This shell must also provide protection from impacts by tiny meteoroids and man-made debris. Because the ISS zips through space at about 27,000 km/h, even dust-sized grains present a considerable danger. Man-made debris, a drifting legacy of past space exploration, poses an even greater threat.

To ensure the safety of the crew, the Space Station wears a "bullet-proof vest." Layers of Kevlar, ceramic fabrics, and other advanced materials form a blanket up to 10 cm thick around each module's aluminium shell. (Kevlar is the material used in the bullet-proof vests used by police officers.)

"This protective shielding was tested by shooting at it with high-velocity guns to verify that it is indeed a good protection material," Nagy said.


Layers of Kevlar and other impact-resistant materials reduce the chance that small debris could penetrate the modules' walls and endanger the crew.

Designers had to leave a few holes in this armor so the crew could occasionally enjoy the spectacular view.

A typical window for a house on Earth has 2 panes of glass, each about 1/16 inch thick. In contrast, the ISS windows each have 4 panes of glass ranging from 1/2 to 1-1/4 inches thick. An exterior aluminium shutter provides extra protection when the windows are not in use.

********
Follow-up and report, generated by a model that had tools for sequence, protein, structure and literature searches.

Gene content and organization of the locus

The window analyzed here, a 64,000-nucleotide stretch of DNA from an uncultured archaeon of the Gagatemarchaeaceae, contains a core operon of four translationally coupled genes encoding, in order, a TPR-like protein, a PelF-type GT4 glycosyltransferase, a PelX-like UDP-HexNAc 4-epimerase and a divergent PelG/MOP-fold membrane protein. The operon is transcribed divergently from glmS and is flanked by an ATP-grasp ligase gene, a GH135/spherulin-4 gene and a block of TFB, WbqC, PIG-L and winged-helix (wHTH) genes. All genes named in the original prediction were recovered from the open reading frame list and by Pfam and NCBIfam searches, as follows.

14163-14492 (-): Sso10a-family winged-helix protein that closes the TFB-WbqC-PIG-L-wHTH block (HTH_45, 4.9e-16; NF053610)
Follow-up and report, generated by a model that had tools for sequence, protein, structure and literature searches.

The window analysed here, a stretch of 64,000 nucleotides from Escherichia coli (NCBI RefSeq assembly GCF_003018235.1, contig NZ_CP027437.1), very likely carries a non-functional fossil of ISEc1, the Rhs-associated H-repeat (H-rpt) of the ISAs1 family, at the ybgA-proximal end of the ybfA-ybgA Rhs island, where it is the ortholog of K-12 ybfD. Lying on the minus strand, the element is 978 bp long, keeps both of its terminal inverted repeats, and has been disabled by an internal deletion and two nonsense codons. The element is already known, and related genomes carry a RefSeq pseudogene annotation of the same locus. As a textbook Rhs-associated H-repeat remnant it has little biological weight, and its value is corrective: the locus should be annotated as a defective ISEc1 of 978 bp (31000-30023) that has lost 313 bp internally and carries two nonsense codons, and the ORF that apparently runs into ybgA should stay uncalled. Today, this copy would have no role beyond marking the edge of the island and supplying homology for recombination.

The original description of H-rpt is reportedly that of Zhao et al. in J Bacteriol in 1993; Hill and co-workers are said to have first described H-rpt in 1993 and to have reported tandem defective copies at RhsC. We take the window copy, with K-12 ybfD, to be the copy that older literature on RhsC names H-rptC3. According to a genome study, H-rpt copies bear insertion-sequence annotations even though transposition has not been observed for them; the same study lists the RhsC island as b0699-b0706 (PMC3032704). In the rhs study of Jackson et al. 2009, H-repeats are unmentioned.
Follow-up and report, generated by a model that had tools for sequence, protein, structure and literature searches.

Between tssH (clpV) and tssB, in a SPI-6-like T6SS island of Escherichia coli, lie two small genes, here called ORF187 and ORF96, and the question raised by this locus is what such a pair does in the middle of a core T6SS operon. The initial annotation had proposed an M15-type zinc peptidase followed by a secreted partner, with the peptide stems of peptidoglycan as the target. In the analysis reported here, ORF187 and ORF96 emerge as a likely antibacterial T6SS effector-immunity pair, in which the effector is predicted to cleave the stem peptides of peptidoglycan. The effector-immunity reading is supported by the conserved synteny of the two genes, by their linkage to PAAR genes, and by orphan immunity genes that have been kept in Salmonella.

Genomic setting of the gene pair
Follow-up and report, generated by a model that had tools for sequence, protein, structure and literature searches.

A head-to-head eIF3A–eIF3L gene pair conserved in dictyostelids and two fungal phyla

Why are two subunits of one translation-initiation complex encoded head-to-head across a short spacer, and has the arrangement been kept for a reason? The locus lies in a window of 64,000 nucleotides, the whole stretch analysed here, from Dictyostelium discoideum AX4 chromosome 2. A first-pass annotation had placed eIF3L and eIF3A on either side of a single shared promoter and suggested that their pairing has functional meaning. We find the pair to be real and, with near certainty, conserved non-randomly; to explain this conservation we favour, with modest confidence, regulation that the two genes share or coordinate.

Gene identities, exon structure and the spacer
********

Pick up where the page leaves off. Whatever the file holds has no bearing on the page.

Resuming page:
The glass in these windows is subject to strict quality control, because even minute flaws would increase the chance that a micro-meteoroid could cause a fracture.

In orbit, a major force is the pressure of the air inside the ISS, which presses on each square inch of the modules' interior with almost 15 pounds of force. (Homes on Earth also have this internal pressure, but the external pressure of the atmosphere balances it out.)

But even before reaching orbit these modules must also hold up to the massive stresses of launch. 

"The structure has to withstand the loading it will see while being transported to orbit, which is a pretty intense environment," Nagy said.

As the Shuttle climbs toward the edge of space, every piece of the ISS module inside will "weigh" three times normal. The structure of the modules must handle both this loading along the long axis during launch and the internal air pressure while in orbit.

Once the Shuttle has carried a module into orbit, the task remains to securely attach it to the rest of the Station.

The US-designed Common Berthing Mechanism (or CBM) links together the modules. To ensure a good seal, the CBM has an automatic latching mechanism that pulls the two modules together and tightens 16 connecting bolts with a force of 19,000 pounds each! This huge force is needed to counteract the tendency of the internal air pressure to push the modules apart and to ensure a good air-tight seal.

"A lot of development work, a lot of testing, and a lot of certification went into the CBM to be able to achieve that reliable seal," Nagy said. "So far it's worked well."

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First Science 2014